If it is not made explicit which transition the proposed school readiness indicators are to be used for, this could lead to children being assessed at the wrong transition with the wrong tools. For instance children’s skills, knowledge and behaviours associated with the curriculum transition could be used to test the children at the institutional transition. These tests would then provide unreliable and invalid data as parents and ECEC practitioners have prepared children for an institutional transition and not a curriculum transition.

Testing children’s readiness for school has always and continues to be problematic.   Instead of testing children’s school readiness, which often leads to a narrowing of the curriculum, why not trust ECEC practitioners and reception teachers to assess and foster children’s independence, resilience and positive dispositions and attitudes to change, throughout the EYFS and then into Year 1. These will ensure children are ready for now, school and life.

 

References

  • Department for Education (2014). "Statutory Framework for the Early Years Foundation Stage Setting the standards for learning, development and care for children from birth to five". DfE: Cheshire.
  • Department for Education (2016) Press release Reception baseline comparability study published https://www.gov.uk/government/news/reception-baseline-comparability-study-published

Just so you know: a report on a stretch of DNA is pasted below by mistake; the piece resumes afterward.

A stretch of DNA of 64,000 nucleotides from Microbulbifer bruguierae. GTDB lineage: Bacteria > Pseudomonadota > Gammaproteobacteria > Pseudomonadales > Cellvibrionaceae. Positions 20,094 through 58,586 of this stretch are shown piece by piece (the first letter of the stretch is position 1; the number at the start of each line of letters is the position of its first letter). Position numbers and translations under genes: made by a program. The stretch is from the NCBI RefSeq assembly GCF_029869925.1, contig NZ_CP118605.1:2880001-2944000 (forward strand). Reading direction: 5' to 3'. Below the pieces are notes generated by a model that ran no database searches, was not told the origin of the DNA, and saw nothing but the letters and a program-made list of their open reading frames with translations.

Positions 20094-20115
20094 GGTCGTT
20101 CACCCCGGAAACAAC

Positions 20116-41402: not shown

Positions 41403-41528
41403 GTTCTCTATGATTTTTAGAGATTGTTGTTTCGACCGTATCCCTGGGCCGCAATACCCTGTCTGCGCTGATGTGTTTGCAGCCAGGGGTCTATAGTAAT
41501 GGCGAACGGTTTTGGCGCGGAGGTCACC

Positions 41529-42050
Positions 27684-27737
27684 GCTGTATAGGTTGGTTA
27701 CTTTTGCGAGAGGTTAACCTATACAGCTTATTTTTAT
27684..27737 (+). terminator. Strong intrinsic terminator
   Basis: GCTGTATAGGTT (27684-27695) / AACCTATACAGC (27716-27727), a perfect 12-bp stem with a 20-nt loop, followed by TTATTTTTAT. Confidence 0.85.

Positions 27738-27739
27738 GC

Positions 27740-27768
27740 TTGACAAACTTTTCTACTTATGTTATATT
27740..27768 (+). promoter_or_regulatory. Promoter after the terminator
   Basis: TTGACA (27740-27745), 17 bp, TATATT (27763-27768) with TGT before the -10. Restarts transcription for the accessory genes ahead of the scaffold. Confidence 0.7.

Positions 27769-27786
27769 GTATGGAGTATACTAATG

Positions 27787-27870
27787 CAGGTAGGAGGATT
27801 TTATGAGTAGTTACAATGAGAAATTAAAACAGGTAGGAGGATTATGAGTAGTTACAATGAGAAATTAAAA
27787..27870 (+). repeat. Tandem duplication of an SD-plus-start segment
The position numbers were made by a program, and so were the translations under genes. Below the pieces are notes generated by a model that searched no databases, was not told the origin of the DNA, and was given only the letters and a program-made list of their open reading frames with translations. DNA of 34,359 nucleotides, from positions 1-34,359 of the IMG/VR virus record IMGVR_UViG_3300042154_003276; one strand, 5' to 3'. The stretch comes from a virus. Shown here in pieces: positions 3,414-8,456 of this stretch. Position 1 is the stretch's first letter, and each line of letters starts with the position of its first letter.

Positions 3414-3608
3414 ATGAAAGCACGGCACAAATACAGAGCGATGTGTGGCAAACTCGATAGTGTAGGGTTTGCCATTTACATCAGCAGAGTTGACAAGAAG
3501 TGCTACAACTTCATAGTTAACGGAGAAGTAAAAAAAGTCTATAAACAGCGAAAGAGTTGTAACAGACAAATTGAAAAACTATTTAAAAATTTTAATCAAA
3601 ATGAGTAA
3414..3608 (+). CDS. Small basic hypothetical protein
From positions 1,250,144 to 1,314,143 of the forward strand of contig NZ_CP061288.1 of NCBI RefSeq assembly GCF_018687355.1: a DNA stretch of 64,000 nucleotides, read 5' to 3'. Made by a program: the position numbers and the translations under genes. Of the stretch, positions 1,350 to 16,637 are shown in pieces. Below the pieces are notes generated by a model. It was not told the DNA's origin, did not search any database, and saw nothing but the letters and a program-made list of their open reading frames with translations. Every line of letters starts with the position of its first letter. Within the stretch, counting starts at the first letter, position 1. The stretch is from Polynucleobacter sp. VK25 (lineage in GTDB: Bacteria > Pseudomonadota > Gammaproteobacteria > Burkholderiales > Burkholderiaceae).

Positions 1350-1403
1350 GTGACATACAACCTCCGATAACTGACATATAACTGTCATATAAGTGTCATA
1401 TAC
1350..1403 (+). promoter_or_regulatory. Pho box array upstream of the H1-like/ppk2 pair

• Johansson, I. (2007). ‘Horizontal transitions: what can it mean for children in the early school years?’, in A.-W. Dunlop and H. Fabian, (eds.), Informing Transitions in the Early Years Research, Policy and Practice. Maidenhead: Open University Press, pp. 33 - 44.
  • Meisels, S. J. (1999) 'Assessing Readiness'  in Pianta, R. and Cox, M. (eds.) The Transition to Kindergarten. National Centre for Early Development & Learning, 3 3 pp 39.
  • Vaughan, R (2016) Ministers plan 'school readiness' test after baseline U-turn published https://www.tes.com/news/school-news/breaking-news/ministers-plan-school-readiness-test-after-baseline-u-turn [accessed 20/4/2016]
  • Wickett, K. (2016) Beliefs and Relationships during Children’s Transition to School: Parents, Practitioners and Teachers. Plymouth Univiersity: doctoral thesis
  • Woodhead, M. (2007). Early childhood and primary education In Woodhead, M & Moss, P (eds) Early Childhood and Primary Education: Transitions in the Lifes of Young Children. The Hague: Bernard Van Leer Foundation.